Occasional reflections on Life, the World, and Mathematics

Posts tagged ‘charity’

The true face of capitalism

Modern capitalism started with the railways. And today:

A mother has launched an appeal to try to find a generous stranger who bought her stranded daughter an £85 train ticket home.

India Ballancore, 16, missed her return train to Bristol from Stockport, Greater Manchester, on Sunday.

Her mother Andrea said the stranger stepped in and paid for a new fare after India was told her ticket was not valid for the next service.

Of course, the only reason why she needed this kindness from a generous stranger is that Cross Country Rail employees couldn’t resist the opportunity to profiteer off a vulnerable girl who had already paid for a ticket, but had missed her train.

Donald Trump gets into refugees

The Washington Post reports on Donald Trump’s objections to an agreement to take in 1250 mostly Middle Eastern refugees currently in Australian detention sites:

Trump was also skeptical because he did not see a specific advantage the United States would gain by honoring the deal, officials said.

He can’t conceive of a deal whose purpose is to benefit someone else. This reminds me of Monty Python’s Merchant Banker sketch. A humble fellow raising money for charity wanders into the office of a very wealthy and self-centred banker:

Mr Ford: Oh. I wondered whether you’d like to contribute to the orphan’s home. (he rattles the tin)

Banker: Well I don’t want to show my hand too early, but actually here at Slater Nazi we are quite keen to get into orphans, you know, developing market and all that…

Mr Ford: So er, how about a pound?

Banker: A pound. Yes, I see. Now this loan would be secured by the…

Mr Ford: It’s not a loan, sir.

Banker: What?

Mr Ford: It’s not a loan.

Banker: Ah… Look, I think I’d better run this over to our legal department. If you could possibly pop back on Friday…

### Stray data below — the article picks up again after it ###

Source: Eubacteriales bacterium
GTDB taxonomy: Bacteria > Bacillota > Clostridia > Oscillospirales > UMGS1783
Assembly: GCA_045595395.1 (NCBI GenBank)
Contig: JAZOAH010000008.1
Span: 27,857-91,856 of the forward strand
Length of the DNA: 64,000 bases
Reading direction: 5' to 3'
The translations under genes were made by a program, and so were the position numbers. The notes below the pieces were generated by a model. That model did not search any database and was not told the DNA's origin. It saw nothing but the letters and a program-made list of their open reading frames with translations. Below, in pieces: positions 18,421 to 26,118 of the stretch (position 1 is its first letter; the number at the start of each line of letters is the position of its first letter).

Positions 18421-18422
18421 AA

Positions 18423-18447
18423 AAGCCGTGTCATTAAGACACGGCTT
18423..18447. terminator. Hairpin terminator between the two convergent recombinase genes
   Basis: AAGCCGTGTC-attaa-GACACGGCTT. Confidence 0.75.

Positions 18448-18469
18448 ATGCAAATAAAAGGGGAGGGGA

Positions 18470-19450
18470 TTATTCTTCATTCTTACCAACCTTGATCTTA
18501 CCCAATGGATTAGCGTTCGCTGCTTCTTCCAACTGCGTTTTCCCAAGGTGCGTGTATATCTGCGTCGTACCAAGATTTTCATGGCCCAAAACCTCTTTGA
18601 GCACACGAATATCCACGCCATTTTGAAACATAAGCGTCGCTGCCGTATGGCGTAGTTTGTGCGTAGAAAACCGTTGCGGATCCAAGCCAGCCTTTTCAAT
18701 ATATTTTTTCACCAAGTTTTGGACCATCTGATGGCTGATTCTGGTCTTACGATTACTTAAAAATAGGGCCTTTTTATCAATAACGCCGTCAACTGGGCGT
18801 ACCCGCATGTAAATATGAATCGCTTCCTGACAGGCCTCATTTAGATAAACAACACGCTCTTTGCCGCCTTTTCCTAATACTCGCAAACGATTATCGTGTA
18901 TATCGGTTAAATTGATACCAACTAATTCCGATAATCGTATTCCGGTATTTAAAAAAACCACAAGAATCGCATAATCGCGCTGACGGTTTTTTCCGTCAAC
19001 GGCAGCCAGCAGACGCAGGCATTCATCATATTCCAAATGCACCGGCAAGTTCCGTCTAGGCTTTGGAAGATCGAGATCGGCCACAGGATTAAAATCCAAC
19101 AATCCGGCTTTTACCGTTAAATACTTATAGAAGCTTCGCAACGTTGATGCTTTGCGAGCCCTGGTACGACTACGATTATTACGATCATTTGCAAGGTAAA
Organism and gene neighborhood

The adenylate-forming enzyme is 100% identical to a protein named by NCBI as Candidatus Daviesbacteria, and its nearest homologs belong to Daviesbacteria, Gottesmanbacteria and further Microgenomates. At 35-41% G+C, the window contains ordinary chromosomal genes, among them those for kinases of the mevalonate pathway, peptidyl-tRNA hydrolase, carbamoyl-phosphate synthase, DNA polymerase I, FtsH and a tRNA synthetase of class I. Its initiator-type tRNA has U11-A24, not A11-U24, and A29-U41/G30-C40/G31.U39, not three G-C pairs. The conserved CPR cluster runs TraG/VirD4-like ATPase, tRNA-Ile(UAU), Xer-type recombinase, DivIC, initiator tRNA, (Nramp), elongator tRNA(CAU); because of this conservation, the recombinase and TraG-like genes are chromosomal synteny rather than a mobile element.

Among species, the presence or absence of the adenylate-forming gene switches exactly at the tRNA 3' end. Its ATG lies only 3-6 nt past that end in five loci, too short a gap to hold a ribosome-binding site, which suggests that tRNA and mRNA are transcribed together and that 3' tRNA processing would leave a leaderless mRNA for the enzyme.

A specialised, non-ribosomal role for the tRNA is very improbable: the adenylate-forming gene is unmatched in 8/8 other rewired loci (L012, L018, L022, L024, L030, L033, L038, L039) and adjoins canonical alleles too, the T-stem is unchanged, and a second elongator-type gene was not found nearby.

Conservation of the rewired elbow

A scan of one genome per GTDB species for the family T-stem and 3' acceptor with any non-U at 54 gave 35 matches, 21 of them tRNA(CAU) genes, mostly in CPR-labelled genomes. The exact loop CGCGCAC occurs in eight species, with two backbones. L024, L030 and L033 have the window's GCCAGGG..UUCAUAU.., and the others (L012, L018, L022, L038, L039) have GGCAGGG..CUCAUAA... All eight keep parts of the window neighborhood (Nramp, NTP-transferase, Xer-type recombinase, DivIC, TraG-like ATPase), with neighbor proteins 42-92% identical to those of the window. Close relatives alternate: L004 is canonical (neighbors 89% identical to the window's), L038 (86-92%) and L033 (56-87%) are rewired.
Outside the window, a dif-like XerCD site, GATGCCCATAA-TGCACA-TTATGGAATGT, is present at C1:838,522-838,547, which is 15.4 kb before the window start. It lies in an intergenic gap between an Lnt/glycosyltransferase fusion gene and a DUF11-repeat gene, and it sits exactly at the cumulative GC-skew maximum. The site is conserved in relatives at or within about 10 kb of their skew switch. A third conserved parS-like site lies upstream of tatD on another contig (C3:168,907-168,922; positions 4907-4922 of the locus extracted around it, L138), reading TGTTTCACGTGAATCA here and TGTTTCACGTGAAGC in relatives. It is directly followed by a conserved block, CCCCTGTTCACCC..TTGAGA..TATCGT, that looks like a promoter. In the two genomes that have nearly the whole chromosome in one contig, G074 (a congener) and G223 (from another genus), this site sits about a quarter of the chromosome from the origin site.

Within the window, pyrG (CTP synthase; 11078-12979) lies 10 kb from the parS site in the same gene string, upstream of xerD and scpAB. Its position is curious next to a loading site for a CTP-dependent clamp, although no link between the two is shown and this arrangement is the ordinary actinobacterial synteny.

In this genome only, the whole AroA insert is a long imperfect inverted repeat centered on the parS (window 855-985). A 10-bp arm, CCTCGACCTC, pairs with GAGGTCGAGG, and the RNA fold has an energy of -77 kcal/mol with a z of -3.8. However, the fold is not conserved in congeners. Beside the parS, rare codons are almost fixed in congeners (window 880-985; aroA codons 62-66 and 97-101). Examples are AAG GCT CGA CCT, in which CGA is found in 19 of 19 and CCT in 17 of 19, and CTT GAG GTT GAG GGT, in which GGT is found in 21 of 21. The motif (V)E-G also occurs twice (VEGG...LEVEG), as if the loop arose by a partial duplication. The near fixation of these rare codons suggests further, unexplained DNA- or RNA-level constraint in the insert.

Mr Ford: Well do you have to do that, couldn’t you just give me the pound?

Banker: Yes, but you see I don’t know what it’s for.

Mr Ford: It’s for the orphans.

 

Banker: Well, I’m awfully sorry I don’t understand. Can you just explain exactly what you want.

Mr Ford: Well, I want you to give me a pound, and then I go away and give it to the orphans.

Banker: Yes?

Mr Ford: Well, that’s it.

Banker: No, no, no, I don’t follow this at all, I mean, I don’t want to seem stupid but it looks to me as though I’m a pound down on the whole deal.

Universities and charity

 

Here’s a weird, but hardly novel, controversy: Charity tax row: Oxbridge joins revolt.

The Oxford and Cambridge vice-chancellors wrote privately to Chancellor George Osborne saying his plans risked undermining the culture of university philanthropy. UK universities, which raised some £560m from charitable gifts last year, want him to rethink. Ministers want to stop tax avoidance. Mr Osborne says he is shocked by thescale of legal tax avoidance by multi-millionaires. Under current rules, higher-rate taxpayers can donate unlimited amounts of money to charity and offset it against their tax bill to effectively bring the amount of tax they pay down, sometimes to zero. But from 2013, uncapped tax reliefs – including those on charitable donations – are to be capped at £50,000 or 25% of a person’s income, whichever is higher… An Oxford University spokeswoman said that the government’s own policy emphasised the role of private and philanthropic investment, rather than the public purse. “A step that penalises the government’s own approach seems ill-considered.”

Hmmm. How about this alternative statement:

The university’s own justification depends on its promoting self-consistent argument, rather than specious self-serving sophistry. “An argument that contradicts the university’s own raison d’etre seems ill-considered.”

(more…)

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